@jptheworst begins his breakdown by noting that the ingredients list is “crazy,” and equals out to around “40,000 calories for a bottle, which is definitely not correct.” He also notes the fact that vinegar is spelled wrong on the label, and that the sauce contains milk. This is odd, according to @jptheworst, even in small quantities, because you’d need to keep the bottle consistently cold. And based on numerous unpacking videos that show people receiving their bottles of Pink Sauce, it is not refrigerated in transit.
Then, following an interesting breakdown of the traditional base ingredients in dressings and sauces, @jptheworst gets to the meat of his argument: the binding ingredient. Pink Sauce doesn’t use any of the typical binding ingredients, like mayonnaise or mustard, according to @jptheworst, and thus relies on honey to keep itself from separating. But honey doesn’t quite add up as the specific binding ingredient, based on the consistency and color of the resulting sauce, which brings @jptheworst to an interesting conclusion: that the ingredients list isn’t entirely accurate. Noting a white-colored substance in the background of one of @chef.pii’s videos, @jptheworst alleges that mayo, or something similar to mayo, is likely an ingredient in the sauce. Despite this, it’s nowhere to be found on the ingredients list.
That doesn’t necessarily mean that the sauce is dangerous to consume — and, in fact, dozens of videos would indicate that its perfectly fine — but it does mean that there’s some level of dishonesty going on. Some people are allergic to ingredients in mayo, and without knowledge of its inclusion, could experience negative reactions to Pink Sauce.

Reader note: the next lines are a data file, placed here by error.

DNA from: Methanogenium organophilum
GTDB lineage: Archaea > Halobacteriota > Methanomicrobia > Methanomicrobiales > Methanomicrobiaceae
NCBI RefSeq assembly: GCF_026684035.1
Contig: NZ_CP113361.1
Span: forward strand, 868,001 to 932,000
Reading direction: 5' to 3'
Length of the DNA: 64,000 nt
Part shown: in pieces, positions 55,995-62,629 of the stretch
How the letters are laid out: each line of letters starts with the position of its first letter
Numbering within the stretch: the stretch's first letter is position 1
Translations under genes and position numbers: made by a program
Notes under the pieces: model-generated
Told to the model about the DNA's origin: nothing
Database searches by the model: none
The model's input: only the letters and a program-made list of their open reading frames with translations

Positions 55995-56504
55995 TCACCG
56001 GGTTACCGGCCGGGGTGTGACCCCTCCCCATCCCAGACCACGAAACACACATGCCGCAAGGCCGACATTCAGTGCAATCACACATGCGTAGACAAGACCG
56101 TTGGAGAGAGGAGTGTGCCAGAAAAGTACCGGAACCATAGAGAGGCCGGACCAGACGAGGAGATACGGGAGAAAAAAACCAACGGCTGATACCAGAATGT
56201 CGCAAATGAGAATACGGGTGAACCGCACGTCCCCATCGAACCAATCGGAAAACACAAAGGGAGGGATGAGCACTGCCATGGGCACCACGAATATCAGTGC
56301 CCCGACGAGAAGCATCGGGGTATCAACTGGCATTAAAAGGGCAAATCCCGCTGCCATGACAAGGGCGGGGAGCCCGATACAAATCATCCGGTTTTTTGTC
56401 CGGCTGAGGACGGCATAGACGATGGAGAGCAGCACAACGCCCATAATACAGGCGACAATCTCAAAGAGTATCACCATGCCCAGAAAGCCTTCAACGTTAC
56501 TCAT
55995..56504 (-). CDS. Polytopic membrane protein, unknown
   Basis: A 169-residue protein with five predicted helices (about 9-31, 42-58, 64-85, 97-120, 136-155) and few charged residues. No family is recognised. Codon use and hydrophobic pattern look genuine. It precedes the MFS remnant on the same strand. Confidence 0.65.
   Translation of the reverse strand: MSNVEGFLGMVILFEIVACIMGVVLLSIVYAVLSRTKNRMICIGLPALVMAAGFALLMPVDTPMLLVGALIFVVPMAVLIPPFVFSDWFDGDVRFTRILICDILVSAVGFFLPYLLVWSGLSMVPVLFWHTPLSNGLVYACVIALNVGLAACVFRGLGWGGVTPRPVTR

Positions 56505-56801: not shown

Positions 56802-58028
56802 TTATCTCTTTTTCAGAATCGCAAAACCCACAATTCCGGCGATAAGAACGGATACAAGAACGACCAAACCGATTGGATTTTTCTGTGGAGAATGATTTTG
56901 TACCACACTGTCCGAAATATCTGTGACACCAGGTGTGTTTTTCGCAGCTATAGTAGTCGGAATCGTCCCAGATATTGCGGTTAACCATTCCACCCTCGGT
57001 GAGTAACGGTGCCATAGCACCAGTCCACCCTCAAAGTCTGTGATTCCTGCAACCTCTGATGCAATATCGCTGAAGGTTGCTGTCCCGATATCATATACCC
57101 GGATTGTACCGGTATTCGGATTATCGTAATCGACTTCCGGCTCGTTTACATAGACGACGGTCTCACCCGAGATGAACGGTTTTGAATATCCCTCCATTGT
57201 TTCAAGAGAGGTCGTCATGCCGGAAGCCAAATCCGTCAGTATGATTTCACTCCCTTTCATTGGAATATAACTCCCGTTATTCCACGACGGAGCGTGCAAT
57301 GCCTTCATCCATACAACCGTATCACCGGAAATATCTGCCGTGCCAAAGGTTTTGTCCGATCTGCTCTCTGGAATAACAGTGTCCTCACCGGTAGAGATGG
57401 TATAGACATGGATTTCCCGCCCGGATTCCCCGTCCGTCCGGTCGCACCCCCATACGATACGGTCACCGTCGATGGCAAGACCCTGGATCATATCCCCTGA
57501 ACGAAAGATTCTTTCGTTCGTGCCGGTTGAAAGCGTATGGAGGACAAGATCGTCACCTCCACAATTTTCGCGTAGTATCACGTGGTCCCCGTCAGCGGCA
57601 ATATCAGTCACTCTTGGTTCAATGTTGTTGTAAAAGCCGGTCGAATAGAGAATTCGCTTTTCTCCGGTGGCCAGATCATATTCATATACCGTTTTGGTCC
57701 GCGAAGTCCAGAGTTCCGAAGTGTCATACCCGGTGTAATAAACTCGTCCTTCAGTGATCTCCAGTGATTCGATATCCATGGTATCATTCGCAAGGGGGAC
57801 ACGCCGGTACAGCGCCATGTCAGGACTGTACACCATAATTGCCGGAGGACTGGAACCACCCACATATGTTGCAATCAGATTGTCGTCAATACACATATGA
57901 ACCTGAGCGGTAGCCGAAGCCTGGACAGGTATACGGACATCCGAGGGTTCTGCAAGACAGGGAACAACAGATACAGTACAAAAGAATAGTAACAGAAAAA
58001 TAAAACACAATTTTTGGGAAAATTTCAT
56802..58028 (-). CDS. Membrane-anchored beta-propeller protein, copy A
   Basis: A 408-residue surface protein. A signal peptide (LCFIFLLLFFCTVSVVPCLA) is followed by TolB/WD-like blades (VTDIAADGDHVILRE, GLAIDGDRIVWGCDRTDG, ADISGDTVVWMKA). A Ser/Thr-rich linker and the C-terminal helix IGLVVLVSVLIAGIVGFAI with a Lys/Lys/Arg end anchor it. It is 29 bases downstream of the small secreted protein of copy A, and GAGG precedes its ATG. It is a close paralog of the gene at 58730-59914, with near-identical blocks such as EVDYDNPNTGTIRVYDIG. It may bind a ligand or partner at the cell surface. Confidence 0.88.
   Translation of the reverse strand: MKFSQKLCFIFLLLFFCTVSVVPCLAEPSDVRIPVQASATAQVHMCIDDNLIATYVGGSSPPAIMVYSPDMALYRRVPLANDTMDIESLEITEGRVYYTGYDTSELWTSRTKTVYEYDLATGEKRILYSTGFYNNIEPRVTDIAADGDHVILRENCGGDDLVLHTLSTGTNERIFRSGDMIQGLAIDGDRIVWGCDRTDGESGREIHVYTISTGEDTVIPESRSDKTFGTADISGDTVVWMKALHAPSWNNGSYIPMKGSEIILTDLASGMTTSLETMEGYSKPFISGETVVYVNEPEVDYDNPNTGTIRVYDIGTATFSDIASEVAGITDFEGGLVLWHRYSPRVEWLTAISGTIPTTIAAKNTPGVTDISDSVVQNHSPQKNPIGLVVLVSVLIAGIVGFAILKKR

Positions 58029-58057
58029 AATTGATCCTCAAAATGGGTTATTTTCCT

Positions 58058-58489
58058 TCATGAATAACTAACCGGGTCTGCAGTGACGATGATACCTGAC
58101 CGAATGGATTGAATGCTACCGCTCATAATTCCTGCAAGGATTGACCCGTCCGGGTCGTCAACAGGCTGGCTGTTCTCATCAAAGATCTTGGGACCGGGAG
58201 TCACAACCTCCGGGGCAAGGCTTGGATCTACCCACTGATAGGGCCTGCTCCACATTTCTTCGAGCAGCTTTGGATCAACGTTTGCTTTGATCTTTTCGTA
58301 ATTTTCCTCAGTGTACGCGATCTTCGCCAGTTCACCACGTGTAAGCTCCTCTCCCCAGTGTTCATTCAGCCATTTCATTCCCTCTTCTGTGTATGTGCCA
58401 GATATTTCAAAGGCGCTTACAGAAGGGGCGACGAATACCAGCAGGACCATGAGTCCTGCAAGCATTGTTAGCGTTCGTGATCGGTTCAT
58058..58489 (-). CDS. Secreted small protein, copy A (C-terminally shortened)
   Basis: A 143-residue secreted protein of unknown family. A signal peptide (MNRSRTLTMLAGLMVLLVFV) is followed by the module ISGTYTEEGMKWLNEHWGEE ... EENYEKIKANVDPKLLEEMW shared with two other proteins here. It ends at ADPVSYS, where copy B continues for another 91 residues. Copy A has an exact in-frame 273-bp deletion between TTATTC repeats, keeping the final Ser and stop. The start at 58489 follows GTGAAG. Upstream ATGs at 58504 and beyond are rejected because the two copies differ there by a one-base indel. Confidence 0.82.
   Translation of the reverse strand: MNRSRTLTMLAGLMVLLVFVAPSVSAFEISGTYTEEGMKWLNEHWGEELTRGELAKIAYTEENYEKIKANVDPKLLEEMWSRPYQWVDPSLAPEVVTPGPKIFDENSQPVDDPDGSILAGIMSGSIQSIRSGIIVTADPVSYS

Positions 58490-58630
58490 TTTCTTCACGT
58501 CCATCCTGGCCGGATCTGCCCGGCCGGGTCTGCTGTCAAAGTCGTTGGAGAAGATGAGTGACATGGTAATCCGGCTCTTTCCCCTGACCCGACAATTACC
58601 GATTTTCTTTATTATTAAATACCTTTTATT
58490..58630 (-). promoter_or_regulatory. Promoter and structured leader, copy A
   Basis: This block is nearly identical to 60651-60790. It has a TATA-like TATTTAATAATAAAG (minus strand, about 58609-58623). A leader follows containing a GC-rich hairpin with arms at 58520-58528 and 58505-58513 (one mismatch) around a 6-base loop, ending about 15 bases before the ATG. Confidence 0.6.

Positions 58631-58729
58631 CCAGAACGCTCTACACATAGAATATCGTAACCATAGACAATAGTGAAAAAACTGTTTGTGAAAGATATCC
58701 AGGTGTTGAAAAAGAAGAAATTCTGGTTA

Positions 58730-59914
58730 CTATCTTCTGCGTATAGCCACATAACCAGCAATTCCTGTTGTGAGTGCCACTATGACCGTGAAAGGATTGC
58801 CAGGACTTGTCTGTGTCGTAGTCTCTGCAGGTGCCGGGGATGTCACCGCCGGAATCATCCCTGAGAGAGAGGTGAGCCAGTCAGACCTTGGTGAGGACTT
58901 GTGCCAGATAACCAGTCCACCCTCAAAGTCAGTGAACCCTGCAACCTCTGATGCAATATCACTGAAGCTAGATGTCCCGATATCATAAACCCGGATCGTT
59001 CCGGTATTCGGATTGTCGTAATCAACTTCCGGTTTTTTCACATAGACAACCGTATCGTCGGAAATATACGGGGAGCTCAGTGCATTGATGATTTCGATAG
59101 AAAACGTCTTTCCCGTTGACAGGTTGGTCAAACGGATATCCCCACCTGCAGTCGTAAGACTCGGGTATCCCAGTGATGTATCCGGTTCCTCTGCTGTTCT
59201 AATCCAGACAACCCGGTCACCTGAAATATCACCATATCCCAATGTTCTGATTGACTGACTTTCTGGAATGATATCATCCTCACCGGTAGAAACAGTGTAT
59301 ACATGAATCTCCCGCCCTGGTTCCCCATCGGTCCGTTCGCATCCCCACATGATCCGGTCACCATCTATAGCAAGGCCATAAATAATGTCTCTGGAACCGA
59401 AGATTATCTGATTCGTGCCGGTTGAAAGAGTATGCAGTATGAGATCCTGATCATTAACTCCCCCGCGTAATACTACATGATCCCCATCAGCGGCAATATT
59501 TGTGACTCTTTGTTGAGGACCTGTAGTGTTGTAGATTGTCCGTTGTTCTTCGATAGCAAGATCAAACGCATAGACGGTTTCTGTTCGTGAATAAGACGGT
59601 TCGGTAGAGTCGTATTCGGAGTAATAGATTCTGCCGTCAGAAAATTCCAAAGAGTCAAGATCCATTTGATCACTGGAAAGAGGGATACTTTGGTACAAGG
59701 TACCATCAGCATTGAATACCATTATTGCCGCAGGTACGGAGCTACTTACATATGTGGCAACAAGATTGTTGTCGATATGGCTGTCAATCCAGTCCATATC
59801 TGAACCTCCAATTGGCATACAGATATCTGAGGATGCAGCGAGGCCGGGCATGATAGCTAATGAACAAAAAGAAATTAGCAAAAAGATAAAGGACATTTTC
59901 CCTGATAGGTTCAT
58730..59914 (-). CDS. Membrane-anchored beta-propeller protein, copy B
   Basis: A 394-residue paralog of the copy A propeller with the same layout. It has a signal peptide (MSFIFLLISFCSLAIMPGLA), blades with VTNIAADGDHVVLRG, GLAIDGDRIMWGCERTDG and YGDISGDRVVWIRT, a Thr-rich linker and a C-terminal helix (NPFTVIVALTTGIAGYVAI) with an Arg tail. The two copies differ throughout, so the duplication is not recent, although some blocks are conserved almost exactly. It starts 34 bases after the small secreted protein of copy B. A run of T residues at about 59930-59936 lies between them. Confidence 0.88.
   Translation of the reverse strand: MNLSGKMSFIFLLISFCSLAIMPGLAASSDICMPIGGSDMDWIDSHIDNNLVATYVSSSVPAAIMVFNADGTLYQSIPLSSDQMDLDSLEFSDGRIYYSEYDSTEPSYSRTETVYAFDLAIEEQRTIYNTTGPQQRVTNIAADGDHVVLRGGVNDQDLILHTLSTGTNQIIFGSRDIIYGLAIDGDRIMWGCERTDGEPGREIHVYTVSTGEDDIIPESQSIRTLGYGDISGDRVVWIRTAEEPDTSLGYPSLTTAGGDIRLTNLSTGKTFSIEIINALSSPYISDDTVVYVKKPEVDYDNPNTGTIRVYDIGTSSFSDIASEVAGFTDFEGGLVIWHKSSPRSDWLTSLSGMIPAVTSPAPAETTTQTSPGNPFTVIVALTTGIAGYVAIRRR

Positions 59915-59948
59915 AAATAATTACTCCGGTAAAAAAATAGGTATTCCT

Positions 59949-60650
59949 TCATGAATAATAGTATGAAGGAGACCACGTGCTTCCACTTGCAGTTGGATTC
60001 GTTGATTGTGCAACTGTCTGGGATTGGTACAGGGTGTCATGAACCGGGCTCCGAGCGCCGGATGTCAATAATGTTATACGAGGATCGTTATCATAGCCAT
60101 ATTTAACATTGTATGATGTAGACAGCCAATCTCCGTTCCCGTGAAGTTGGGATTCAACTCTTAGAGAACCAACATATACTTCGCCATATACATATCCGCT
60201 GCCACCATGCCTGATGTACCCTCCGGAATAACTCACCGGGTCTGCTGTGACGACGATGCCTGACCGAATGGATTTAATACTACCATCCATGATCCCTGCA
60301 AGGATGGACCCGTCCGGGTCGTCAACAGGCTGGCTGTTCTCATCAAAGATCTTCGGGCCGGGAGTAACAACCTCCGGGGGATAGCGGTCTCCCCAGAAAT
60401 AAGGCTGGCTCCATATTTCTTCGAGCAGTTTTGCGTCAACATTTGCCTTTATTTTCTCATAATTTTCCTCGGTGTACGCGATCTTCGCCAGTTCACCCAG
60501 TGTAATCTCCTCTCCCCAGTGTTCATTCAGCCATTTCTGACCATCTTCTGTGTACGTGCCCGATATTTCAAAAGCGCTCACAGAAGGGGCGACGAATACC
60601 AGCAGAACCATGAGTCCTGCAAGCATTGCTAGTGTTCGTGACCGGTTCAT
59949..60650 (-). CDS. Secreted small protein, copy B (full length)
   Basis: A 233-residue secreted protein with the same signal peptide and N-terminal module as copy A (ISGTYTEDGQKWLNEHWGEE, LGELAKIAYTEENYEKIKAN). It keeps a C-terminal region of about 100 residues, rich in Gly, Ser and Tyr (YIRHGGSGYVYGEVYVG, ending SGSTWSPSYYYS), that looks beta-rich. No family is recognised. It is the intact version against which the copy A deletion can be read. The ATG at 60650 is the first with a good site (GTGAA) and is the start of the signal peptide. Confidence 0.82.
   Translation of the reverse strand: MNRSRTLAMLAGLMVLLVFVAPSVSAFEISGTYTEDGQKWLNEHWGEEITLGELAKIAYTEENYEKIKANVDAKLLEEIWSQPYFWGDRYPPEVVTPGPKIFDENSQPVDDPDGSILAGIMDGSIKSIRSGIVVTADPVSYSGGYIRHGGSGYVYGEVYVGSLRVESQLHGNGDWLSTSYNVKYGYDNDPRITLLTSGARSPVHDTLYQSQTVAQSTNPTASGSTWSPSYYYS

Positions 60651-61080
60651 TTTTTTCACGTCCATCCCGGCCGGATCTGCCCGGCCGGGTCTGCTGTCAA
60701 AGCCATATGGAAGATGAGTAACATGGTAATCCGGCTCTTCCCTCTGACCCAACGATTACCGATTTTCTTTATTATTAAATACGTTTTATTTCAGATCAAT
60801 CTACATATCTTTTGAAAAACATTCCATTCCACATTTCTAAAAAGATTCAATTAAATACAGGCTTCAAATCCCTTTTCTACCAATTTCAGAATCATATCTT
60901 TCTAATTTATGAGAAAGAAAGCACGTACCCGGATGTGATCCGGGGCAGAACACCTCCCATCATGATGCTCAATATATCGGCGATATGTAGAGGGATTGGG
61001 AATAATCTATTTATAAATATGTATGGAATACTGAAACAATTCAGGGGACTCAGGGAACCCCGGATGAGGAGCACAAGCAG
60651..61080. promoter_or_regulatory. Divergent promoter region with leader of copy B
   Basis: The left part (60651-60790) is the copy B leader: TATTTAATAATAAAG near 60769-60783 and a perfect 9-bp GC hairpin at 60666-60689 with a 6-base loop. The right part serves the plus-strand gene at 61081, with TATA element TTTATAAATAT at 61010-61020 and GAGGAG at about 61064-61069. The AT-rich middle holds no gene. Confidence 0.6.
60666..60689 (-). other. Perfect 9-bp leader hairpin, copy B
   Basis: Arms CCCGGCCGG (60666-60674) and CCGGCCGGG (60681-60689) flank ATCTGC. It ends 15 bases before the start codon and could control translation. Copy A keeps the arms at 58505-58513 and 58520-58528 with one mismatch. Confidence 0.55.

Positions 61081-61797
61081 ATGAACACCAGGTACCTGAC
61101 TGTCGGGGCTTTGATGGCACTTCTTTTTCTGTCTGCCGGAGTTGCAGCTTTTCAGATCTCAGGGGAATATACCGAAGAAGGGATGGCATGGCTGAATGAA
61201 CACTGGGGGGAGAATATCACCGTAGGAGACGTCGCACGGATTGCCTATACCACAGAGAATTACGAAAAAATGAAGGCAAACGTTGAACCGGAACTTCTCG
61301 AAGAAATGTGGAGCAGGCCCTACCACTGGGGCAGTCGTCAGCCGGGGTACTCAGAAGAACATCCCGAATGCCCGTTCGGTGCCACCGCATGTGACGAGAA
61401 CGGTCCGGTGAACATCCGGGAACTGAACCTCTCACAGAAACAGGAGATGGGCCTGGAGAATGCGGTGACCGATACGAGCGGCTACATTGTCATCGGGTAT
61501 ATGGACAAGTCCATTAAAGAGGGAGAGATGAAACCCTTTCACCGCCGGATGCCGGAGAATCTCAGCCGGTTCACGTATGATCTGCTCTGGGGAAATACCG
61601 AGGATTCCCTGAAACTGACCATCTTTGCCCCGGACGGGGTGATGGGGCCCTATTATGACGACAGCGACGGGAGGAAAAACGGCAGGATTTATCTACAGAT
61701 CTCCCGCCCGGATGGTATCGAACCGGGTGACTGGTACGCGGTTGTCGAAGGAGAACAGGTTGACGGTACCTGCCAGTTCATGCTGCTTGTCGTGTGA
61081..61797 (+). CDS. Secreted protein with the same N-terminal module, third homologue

There’s also the fact that the product has yet to be approved by the Food and Drug Administration. According to the FDA’s website, the administration “regulates all foods and food ingredients introduced into or offered for sale in interstate commerce,” with the exception of products regulated by the U.S. Department of Agriculture. Pink Sauce should fall under the FDA’s regulation.
According to @chef.pii, however, the process of “quality testing” is already underway. As a professional chef, she says things like nutrition facts and quality testing are vital, but details surrounding FDA approval have been largely absent from her videos.
This is causing concern among some of her viewers, who note that a lawsuit could be in @chef.pii’s future, if she isn’t careful. Thankfully, @chef.pii is already in the process of addressing concerns, some of which she zeroed in on via a July 20 upload. At the outset of the video, she apologizes for the mistakes made by she and her team, but notes that they are “human” and that “things happen.”
She first addresses issues with the quantity and serving sizes included on the bottle. According to @chef.pii, each bottle contains “444 grams of Pink Sauce,” which is about 30 servings overall. The label has reportedly been fixed to reflect the new, more accurate, numbers. @chef.pii and her team are also apparently hard at work getting the cost per bottle down, but expressed gratitude to the people who’ve shown up to support their product.
And, while the product has yet to be FDA approved, @chef.pii says her team is “following FDA standards,” and that Pink Sauce is currently in the “lab testing” phase of approval. “Once we go through lab testing,” she says, “we will be able to pitch to stores to put the Pink Sauce in stores.”
For concerned consumers, it is probably safest to wait until the product has been approved by the FDA before making a purchase. Reviews on TikTok largely praise Pink Sauce for its color, flavor, and versatility, but that doesn’t necessarily mean the product is safe for everyone. Regulatory bodies like the FDA exist for a reason, and many people would feel more comfortable enjoying a bottle of Pink Sauce once approval has officially come through.